In a letter to his confidant and friend, Wilhelm Fleiss, the then middle aged neurologist, Sigmund Freud, was in the midst of researching and writing his beloved 'dream book'. He wrote the following:
"Now I have finished and am thinking about the dream book again. I have been looking into the literature and feel like a Celtic imp."Oh, how I am glad that no one, no one knows..." No one suspects that the dream is not nonsense but wish fulfillment."
Indeed, this is the premise of Freud's entire thesis: dreams are no more than repressed unconscious wishes, battling for expression and consummation.
In his own words, Freud had 'dared' to rally against the 'objections of severe science, to take the part of the ancients and of superstition.' In 1900, the official year of the book's publication, its reception, despite its provoctive title, was tepid, and in the course of six years, only sold 351 copies. Freud never gave up hope, and 30 years later, in the preface of the third English edition, he wrote, "It contains, even according to my present day judgement, the most valuable of all the discoveries it has been my good fortune to make. Insight such as this falls to one's lot but once a lifetime.' In present day, one can question any Freud scholar about ~The Interpretation of Dreams~ and they will say the same thing: the book contains everything that 'is' psychoanalysis.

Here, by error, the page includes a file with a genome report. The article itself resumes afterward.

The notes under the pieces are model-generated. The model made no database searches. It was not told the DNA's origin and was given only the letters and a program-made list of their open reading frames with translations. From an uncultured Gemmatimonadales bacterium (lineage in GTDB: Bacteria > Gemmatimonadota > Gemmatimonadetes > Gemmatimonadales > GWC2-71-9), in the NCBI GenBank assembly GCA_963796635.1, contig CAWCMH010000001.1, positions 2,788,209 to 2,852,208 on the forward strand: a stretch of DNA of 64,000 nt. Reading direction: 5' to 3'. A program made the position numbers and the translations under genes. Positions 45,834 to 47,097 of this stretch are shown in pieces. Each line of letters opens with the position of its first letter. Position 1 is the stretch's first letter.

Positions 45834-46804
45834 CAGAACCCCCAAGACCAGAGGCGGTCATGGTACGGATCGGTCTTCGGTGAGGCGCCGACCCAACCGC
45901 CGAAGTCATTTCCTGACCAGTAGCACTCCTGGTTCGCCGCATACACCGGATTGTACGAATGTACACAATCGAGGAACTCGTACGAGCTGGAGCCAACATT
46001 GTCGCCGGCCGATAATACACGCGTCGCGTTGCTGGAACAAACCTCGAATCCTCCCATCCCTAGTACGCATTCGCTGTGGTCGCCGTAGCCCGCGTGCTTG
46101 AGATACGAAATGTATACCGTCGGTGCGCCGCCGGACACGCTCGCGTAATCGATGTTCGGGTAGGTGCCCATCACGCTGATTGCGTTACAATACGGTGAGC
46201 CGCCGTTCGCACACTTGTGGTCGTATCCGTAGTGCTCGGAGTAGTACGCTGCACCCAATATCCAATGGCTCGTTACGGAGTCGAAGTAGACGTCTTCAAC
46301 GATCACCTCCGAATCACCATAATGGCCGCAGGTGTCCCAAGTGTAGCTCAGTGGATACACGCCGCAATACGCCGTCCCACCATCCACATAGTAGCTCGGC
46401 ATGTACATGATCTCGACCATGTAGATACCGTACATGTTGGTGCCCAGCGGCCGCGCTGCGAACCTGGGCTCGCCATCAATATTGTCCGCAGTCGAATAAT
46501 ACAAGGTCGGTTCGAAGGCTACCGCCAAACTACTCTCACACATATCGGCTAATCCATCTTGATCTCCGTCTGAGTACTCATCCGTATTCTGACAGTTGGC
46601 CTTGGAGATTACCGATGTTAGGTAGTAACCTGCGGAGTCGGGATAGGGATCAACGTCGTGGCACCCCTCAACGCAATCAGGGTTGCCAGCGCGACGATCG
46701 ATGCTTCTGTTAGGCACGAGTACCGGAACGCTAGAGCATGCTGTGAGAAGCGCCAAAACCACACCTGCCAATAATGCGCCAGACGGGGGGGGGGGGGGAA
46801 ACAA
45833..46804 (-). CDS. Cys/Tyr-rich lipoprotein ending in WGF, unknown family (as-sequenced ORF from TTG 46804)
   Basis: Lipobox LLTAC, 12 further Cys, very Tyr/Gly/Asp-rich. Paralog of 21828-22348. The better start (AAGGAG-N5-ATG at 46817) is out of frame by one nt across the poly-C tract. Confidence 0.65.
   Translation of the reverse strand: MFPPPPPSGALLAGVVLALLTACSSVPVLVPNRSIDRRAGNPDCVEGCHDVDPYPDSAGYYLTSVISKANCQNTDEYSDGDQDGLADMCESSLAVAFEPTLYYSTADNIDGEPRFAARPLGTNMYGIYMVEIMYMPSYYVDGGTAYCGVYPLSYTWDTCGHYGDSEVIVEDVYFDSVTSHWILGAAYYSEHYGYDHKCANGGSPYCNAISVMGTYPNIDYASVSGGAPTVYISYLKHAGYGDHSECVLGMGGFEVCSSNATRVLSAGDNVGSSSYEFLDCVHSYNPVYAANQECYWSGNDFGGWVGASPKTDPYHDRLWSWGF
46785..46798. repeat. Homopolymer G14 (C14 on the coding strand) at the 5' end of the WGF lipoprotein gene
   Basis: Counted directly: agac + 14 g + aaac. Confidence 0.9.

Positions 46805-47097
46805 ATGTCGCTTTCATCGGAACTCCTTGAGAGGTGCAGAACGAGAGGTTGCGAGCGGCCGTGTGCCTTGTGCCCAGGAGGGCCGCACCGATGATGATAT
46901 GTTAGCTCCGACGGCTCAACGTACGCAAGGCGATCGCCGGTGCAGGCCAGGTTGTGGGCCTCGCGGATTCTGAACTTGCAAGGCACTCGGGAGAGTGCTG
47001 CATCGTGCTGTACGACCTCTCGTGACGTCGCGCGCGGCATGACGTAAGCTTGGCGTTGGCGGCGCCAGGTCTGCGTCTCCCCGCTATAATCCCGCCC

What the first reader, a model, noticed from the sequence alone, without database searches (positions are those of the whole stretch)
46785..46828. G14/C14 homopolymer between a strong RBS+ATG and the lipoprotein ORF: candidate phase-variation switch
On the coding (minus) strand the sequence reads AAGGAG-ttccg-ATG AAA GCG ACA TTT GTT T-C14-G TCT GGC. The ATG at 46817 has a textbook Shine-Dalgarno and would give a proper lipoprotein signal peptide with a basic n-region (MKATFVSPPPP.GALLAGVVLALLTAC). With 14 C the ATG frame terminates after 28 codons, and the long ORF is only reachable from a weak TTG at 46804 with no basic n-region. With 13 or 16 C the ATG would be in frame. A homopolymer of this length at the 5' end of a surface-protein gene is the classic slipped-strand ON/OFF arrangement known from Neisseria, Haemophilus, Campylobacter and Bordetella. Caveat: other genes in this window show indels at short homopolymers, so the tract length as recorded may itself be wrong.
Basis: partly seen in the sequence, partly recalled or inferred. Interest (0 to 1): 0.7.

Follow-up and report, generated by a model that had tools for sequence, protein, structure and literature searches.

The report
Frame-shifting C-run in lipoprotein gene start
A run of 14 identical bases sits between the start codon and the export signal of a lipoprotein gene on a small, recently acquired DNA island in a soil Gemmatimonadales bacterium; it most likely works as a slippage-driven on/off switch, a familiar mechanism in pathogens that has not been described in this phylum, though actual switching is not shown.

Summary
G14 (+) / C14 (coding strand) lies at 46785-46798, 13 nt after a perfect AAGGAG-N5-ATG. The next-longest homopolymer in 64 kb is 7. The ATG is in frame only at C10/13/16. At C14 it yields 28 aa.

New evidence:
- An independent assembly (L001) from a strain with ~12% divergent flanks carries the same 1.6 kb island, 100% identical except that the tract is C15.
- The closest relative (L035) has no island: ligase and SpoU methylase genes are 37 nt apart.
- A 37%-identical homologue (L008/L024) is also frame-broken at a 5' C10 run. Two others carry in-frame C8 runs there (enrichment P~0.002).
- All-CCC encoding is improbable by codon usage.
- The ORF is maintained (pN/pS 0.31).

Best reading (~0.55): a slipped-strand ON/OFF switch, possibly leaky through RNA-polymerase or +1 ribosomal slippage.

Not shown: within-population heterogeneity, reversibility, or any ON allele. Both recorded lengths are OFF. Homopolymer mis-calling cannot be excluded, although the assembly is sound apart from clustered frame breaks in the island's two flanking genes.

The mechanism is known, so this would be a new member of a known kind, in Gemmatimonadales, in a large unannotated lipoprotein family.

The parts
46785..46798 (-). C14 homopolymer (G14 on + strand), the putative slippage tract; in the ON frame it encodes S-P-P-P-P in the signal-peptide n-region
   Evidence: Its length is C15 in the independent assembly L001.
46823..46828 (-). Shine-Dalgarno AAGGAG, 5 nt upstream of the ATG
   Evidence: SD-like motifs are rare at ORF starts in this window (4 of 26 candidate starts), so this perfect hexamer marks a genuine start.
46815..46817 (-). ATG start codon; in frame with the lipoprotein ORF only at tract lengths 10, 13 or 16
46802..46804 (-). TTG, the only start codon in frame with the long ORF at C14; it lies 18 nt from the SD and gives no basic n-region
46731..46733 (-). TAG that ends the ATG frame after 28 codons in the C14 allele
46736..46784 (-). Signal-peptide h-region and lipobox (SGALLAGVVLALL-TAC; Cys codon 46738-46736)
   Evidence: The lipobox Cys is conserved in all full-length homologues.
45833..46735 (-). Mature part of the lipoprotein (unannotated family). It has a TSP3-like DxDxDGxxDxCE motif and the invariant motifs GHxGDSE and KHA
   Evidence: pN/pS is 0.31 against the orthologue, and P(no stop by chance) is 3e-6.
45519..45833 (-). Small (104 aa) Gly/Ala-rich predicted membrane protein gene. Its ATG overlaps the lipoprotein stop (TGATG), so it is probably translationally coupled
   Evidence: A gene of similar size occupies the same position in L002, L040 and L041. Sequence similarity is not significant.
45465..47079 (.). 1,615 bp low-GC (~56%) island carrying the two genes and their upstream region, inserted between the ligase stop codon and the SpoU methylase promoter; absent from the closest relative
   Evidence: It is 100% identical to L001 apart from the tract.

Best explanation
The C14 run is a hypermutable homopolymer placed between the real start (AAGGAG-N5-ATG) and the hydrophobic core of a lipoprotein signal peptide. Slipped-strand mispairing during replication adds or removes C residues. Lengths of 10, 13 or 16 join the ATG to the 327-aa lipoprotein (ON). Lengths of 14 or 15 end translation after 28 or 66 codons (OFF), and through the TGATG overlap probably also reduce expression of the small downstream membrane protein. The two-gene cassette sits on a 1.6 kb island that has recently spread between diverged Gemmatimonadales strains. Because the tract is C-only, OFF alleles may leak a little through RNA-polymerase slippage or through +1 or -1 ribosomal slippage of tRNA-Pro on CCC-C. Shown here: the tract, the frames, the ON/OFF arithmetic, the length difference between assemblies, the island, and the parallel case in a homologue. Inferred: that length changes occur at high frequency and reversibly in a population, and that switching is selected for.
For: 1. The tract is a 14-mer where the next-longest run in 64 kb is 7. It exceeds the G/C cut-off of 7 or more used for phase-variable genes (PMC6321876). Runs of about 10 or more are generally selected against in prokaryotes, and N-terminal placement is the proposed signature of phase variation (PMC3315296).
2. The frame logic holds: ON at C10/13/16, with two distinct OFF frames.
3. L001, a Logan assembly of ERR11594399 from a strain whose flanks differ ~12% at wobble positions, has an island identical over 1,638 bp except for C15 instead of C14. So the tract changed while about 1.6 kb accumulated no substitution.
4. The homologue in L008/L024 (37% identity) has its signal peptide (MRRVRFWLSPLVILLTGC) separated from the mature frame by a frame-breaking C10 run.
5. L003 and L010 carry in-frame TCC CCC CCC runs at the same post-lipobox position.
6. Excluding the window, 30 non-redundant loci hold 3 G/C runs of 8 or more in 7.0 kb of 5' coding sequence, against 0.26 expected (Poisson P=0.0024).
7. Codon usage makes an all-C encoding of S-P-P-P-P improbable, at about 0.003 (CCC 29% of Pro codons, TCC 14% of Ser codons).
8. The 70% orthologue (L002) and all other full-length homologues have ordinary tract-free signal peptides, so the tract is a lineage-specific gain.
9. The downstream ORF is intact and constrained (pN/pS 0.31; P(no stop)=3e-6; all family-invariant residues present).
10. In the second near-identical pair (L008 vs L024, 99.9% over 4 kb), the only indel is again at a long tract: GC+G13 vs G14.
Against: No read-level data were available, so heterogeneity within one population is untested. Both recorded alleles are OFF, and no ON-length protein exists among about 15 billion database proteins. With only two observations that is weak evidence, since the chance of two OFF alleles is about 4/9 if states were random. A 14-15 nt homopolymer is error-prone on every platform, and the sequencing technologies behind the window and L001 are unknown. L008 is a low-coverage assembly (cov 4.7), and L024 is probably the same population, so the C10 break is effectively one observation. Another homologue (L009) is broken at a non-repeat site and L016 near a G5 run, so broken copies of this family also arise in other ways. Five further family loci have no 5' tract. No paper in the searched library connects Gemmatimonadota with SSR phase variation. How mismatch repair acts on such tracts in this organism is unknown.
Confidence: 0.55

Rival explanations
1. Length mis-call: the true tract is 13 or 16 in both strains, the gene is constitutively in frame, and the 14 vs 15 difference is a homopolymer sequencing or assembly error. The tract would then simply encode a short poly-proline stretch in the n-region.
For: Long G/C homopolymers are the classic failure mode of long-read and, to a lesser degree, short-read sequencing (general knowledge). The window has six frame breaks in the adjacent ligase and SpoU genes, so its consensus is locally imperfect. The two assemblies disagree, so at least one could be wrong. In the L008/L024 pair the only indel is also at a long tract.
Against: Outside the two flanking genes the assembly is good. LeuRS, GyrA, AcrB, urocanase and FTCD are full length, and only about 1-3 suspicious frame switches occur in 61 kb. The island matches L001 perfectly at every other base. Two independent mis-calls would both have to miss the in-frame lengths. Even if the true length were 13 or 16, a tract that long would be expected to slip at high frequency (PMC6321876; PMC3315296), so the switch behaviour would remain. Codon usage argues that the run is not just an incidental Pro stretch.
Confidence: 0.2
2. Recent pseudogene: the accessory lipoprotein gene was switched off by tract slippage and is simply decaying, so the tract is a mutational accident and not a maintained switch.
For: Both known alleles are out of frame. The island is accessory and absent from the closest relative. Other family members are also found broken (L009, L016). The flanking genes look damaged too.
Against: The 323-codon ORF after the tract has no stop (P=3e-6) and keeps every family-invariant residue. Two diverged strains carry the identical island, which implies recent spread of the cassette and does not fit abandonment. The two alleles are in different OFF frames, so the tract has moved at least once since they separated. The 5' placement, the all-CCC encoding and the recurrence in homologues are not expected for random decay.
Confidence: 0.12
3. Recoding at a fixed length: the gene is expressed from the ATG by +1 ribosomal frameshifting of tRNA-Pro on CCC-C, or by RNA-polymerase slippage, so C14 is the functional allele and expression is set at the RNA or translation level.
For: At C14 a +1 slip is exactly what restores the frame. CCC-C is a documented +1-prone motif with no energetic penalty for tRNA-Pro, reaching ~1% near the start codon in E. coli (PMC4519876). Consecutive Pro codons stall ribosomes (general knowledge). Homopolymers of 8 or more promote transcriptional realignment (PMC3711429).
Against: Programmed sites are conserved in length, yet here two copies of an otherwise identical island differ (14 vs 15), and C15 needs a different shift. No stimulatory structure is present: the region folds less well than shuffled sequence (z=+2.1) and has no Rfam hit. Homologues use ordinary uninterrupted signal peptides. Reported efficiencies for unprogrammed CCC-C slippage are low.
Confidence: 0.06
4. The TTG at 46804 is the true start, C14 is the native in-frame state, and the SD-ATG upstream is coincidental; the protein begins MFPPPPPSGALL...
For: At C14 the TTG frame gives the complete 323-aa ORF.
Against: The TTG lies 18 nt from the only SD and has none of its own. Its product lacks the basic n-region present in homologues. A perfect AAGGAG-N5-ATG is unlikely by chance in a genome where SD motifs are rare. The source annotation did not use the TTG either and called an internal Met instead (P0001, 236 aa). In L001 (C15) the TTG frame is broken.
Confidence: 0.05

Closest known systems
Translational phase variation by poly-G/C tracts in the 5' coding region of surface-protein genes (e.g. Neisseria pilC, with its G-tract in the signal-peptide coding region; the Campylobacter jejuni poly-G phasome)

Anyone interested in the history of psychoanalysis and the mind of Sigmund Freud, reading this book is an absolute must. The reading runs along too, quite easily, as Freud was an excellent writer: his unique prose style even shines through some clumsy translations.
If you are interested in the book's process of development, I would suggest reading ~The Complete Letters of Sigmund Freud and Wilhelm Fliess~; another gold mine for understanding the growth of psychoanalysis.